Citation averages, 2000-2010, by fields and years
|Citation Averages, 2000-2010, by fields and years|
|Source: Thomson Reuters' Essential Science Indicators database, 1 January 2000-31 December 2010|
|Social sciences, other||9.25||8.63||8.37||7.67||7.21||6.19||4.82||3.49||2.02||0.88||0.20||4.67|
The table above provides average rates of citation by field for journal articles indexed by Thomson Reuters in its Essential Science Indicators database from 2000 to 2010. The statistics provided in ESI are restricted to items coded as regular articles and reviews. The columns represent the publication year of the journal articles while the rows designate broad field areas, defined by sets of journal. In ESI, papers in multidisciplinary journals are selectively assigned to their appropriate fields. The citation counts used to calculate these averages are from the year of publication to the end of 2010. Thus, older papers have had more time to collect citations than newer ones and show higher values. As one reads the chart from left to right, therefore, the citation averages decline. The righthand column provides the field average based on 2000-2010 papers cited over the entire 11-year period. Typically, the 11-year average is approximately half that for papers from 2000 cited from that year to 2010. The fields are ranked by the 2000-10 citation averages.
Citation rates are chiefly determined by the average number of references made in articles in a field, rather than the size of the field or how “hot” it may be. The rank order of the fields has been constant for many years. Molecular biology and genetics, immunology and neuroscience are the areas with the highest average citation rates, whereas computer sciences and mathematics exhibit the lowest averages.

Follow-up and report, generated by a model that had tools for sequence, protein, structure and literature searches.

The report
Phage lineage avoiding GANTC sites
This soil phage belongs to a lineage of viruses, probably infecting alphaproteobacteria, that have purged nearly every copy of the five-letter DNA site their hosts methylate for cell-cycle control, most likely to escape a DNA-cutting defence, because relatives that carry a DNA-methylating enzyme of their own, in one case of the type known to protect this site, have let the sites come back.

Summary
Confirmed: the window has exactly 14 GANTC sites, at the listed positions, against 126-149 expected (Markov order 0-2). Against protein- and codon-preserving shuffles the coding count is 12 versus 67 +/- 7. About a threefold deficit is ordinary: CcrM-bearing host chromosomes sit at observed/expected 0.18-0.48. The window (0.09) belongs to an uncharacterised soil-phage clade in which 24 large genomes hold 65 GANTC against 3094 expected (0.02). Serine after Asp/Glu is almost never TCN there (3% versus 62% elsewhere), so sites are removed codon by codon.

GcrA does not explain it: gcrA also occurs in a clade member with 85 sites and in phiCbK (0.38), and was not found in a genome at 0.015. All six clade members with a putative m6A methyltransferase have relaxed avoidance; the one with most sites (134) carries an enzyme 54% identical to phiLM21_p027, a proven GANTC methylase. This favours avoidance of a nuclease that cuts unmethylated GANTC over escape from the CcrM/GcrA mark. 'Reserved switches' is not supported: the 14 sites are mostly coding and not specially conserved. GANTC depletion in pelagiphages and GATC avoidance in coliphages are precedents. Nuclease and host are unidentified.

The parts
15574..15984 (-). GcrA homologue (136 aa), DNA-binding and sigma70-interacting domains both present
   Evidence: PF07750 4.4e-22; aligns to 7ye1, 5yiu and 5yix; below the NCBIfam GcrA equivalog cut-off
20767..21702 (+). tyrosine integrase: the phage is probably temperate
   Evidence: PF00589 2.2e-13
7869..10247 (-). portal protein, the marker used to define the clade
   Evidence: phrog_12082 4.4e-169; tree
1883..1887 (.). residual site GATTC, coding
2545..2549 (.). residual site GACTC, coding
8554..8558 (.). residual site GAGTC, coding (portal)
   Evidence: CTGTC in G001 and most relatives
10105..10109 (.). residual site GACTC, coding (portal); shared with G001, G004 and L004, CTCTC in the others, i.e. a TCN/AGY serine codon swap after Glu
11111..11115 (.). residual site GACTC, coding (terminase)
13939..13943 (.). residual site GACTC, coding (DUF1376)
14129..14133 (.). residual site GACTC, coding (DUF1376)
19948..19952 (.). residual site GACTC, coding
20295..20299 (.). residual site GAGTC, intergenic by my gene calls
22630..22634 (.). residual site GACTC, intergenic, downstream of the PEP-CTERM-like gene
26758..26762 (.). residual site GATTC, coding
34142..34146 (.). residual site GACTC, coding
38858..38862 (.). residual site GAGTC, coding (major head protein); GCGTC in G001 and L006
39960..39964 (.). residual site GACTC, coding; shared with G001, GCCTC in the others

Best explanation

In analysing the research impact of individuals and their papers, the number of citations earned should be compared with baseline measures. Journal impact factors should not be used in evaluating the influence of papers or people, since they are short-term measures of average influence for entire journals: their use as proxies for baselines, although widespread, is misguided and should be recognised as bad bibliometric practice.
Evaluating the influence of individual papers and collections of papers for a researcher or research group should, Thomson Reuters recommends, go beyond the use of the statistics above, which are meant to simply illustrate the significant differences in citation averages among fields. The data according to broad fields are, after all, averages built from a wide range of values for individual journals and their papers. A good procedure would be to employ as a baseline for each paper examined the average for papers of the same year, published in the same journal and of the same article type.
The data above update a similar table published in these pages two years ago. See: http://tinyurl.com/5w6czns
For more information, see http://science.thomsonreuters.com/products/esi